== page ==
A large long-term study confirmed a strong correlation between socioeconomic status and the likelihood of developing glioma.
UK/SWENDEN – Swedish men and women, who have studied at a university for at least three years, may become ill by developing glioma than people without higher education. A similar relationship exists between the professional status and glioma risk. In addition, with single men the risk is lower than those who are married while for women’s marital status is not related to the likelihood of disease, reports a British-Swedish team of researchers in their work published in the Journal of Epidemiology & Community Health. An explanation of these statistical relationships is still pending. It is unlikely but can’t be excluded, so the authors conclude that brain tumors just stick with people from lower social classes often are not discovered and fully registered.
In this study, non-controlled lifestyle factors might be able to the increased glioma risk of people in people with higher socioeconomic status, wrote Amal Khanolkar from University College London and his colleagues at the Karolinska Institute in Stockholm. However, so far features such as smoking, alcohol consumption or physical inactivity are known to influence the risk of brain tumors. The researchers used data from all around 4.3 million Swedes who were born 1911-1961 and 1991 were still living in the country. During the study period from 1993 to 2010 affected 5735 men and 7101 women in brain tumors.
The National Cancer Registry According men and women with university education had a 19 or 23 percent higher than glioma risk people with basic education.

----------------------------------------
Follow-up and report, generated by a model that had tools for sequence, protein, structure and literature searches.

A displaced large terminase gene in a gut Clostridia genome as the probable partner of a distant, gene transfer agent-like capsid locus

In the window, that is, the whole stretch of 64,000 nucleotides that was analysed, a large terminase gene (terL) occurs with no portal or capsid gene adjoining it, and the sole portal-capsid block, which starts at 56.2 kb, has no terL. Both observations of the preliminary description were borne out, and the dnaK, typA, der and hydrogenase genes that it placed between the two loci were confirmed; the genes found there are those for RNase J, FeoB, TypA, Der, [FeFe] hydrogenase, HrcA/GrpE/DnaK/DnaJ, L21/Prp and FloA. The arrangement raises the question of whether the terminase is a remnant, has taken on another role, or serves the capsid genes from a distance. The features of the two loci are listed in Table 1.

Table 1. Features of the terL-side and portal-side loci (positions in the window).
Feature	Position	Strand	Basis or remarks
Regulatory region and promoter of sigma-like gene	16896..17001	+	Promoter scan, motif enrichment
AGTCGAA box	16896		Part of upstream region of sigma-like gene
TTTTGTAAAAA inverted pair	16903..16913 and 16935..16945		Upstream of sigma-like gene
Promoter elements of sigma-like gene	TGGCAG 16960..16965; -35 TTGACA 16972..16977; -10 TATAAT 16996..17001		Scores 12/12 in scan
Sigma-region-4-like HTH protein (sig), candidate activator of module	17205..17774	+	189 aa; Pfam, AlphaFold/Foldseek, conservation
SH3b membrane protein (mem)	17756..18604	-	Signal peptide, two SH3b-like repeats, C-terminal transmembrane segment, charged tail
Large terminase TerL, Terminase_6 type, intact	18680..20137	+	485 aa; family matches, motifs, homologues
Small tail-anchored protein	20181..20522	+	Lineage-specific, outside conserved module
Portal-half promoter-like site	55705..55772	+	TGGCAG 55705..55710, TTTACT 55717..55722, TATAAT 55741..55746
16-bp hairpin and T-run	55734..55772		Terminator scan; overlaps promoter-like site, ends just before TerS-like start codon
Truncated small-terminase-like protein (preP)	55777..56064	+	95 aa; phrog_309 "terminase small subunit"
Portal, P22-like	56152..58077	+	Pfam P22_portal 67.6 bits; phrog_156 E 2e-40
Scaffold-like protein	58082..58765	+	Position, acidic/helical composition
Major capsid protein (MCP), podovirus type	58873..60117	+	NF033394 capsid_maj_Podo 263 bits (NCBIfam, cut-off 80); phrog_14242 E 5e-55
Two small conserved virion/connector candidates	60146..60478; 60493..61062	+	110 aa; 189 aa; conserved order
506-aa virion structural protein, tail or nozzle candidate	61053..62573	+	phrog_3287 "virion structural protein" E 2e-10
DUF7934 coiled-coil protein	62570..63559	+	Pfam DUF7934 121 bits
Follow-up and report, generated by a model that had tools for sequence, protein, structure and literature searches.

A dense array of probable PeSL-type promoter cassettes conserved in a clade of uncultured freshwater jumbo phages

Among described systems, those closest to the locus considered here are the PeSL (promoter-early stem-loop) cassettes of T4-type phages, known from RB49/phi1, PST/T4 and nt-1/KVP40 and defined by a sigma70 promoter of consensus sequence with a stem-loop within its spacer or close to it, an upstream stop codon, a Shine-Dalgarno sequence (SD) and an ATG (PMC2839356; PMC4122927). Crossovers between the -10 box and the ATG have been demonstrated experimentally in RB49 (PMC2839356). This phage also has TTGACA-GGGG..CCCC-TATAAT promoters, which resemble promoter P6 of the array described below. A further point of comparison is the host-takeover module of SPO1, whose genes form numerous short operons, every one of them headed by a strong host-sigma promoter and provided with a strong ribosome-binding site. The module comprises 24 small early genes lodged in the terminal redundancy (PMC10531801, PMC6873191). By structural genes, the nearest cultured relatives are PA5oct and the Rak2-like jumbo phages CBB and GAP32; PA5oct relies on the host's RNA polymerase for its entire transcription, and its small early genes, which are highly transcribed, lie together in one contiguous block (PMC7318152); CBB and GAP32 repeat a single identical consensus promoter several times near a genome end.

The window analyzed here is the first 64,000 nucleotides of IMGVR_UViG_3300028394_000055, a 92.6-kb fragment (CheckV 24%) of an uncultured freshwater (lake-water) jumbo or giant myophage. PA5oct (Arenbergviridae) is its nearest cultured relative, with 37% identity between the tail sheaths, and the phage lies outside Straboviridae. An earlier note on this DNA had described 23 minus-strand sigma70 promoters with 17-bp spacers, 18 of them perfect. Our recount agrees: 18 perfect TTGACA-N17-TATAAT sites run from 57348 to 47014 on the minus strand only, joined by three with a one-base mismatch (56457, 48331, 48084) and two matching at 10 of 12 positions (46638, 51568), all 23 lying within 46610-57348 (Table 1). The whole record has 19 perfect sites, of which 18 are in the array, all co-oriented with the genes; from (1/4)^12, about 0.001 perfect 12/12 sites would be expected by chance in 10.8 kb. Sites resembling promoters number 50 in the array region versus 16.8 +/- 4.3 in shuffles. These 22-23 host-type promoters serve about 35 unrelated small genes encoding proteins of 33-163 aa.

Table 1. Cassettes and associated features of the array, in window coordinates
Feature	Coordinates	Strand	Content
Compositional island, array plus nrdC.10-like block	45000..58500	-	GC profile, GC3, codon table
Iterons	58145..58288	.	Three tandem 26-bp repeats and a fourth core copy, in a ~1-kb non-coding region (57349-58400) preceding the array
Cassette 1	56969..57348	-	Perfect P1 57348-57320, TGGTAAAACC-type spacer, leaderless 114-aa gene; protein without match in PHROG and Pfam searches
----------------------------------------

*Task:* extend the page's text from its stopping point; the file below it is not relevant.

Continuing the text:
Gliomas develop from glial cells of the brain or spinal cord and include the most common form of brain tumor. In women with the highest level of education, in addition, had the probability of developing a meningioma which was increased by 16 percent. This is a type of tumor that develops from the meninges and generally less common in men. Men with very high incomes had an up to 14 percent increased glioma risk. Unmarried or only recently married men became ill with this condition less often than those who lived with a partner for some time. In women there was no statistical correlation between income or family status and the glioma risk. A senior position in a white-collar profession was associated for both sexes with a higher likelihood of developing glioma, compared with blue-collar profession in a subordinate position.
It would be reasonable to assume that gliomas occur frequently in people of lower education and income levels, as in others, but are less fully documented in the cancer registry, because this group rarely contacted a doctor for financial reasons. This explanation is unlikely, since the Swedish health care system, in principle, enables all people to have the same access to medical treatment, the authors wrote. The fact that married men more often diagnosed with glioma than single men, this could be related to the attention of the wife: this could correspond to symptoms such as memory problems, confusion and personality changes that are likely to be noticed and send the man to the doctor. Perhaps husbands had less attention in this regard, when it comes to detect signs of disease of their wives.